Standefer and Alesch ‘s own homes, in Manhattan and Montauk, are, perhaps, the purest expression of the couple’s interests and act as design laboratories and inspirations for the firm’s projects. The New York Times called their East Fourth Street loft, “an appealing hybrid, as if an apartment from the Apthorp had been reassembled by the furniture designers Pierre Chareau or Jean Prouve.” Residential projects, which Roman and Williams undertakes with the same sense of totality and holism as it does all of its projects, remain a priority and have been heralded across the board. From the project design to the interiors to the decoration, Roman and Williams has designed major residential projects on extraordinary sites around the world, many for A-list Hollywood celebrities such as Ben Stiller, Kate Hudson, and Gwyneth Paltrow, as well as other pedigree projects, such as the renovation and expansion of one of Frank Lloyd Wright’s most significant Usonian houses.
In 2011, Roman and Williams’ wildly successful design of Andrew Carmellini’s new SoHo restaurant, The Dutch, joined The Breslin and the Standard Grill as a staple location on the New York food scene. Lafayette, the firm’s newest restaurant project with chef Andrew Carmellini, opened in April 2013 and has earned rave reviews for its spin on French brasserie fare and atmosphere. The firm’s other recently completed projects include the mess hall on the new Facebook campus in Menlo Park, California, and the Huffington Post Live studio set and offices in New York, which debuted Spring 2012.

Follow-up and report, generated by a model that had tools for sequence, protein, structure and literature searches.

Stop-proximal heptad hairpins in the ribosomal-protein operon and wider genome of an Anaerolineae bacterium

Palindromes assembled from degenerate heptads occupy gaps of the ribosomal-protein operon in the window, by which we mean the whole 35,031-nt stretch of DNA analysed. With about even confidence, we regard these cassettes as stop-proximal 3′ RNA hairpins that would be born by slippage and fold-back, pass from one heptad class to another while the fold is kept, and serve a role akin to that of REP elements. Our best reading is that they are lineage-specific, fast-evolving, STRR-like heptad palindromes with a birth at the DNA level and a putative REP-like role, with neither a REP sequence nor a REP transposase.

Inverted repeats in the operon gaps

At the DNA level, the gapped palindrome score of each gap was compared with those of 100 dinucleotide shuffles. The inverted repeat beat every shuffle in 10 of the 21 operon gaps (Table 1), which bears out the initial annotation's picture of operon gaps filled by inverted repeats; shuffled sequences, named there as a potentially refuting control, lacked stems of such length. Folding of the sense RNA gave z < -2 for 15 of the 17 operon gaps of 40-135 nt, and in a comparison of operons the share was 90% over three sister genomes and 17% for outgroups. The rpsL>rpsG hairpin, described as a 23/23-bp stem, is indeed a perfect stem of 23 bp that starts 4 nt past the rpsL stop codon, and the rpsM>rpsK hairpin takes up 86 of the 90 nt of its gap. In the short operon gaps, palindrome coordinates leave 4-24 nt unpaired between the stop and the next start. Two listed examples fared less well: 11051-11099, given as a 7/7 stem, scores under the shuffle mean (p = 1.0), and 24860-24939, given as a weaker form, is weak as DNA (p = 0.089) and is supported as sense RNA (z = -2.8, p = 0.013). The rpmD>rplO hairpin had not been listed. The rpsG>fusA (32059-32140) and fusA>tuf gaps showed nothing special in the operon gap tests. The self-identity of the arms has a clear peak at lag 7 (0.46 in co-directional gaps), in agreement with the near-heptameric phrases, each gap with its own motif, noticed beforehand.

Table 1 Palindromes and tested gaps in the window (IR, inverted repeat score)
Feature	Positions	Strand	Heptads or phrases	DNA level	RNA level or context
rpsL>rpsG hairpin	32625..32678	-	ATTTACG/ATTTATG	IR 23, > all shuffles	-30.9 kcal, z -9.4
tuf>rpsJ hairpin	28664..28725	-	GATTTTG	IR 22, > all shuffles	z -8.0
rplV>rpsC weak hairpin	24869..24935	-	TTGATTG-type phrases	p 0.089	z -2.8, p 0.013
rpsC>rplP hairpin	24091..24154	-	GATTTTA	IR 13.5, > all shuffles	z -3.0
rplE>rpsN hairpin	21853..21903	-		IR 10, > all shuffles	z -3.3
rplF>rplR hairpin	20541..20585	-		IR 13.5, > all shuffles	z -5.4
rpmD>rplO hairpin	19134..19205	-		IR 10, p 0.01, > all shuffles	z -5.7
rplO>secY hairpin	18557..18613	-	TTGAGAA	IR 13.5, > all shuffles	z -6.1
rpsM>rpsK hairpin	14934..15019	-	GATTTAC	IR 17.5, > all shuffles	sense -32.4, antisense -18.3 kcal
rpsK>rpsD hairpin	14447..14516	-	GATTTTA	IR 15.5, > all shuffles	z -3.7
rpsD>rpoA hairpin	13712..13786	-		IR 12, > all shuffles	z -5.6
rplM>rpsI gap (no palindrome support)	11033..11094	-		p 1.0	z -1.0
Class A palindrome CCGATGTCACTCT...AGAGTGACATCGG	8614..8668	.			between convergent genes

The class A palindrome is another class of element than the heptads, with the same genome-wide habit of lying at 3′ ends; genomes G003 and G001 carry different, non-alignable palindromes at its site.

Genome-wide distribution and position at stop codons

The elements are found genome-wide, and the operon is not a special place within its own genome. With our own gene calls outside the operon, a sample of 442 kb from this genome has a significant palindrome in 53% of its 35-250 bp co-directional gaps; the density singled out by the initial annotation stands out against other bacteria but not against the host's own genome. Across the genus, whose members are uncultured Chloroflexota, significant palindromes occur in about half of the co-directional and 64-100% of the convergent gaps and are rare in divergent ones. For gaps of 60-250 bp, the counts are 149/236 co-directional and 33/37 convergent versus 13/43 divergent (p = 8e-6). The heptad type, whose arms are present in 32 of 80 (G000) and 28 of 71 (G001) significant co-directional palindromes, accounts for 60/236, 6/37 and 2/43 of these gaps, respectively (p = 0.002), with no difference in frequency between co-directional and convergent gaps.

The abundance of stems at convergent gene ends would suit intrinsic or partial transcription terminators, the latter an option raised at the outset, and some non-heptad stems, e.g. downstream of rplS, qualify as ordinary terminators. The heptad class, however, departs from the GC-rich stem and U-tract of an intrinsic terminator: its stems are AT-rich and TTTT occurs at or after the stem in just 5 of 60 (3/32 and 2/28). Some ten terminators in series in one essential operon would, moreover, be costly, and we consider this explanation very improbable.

Roman and Williams has also launched a product-design division and is designing several product and furniture lines, which range from the highly refined to the more accessible and reflect all aspects of the Roman and Williams’ psyche. Such work includes the R.W. Atlas line for Waterworks, released September 2012, which has been praised as luxurious and timeless and was featured in Architectural Digest. Roman and Williams + MatterMade, a line of custom light fixtures, accent tables, and a reader chair designed in collaboration with New York deign gallery Matter, premiered at ICFF in May 2013. The line was praised by the New York Times for having “laserlike attention to details.” Forthcoming products include a collaboration with the Ace Hotel and a partnership with world renowned luxury French company Lalique.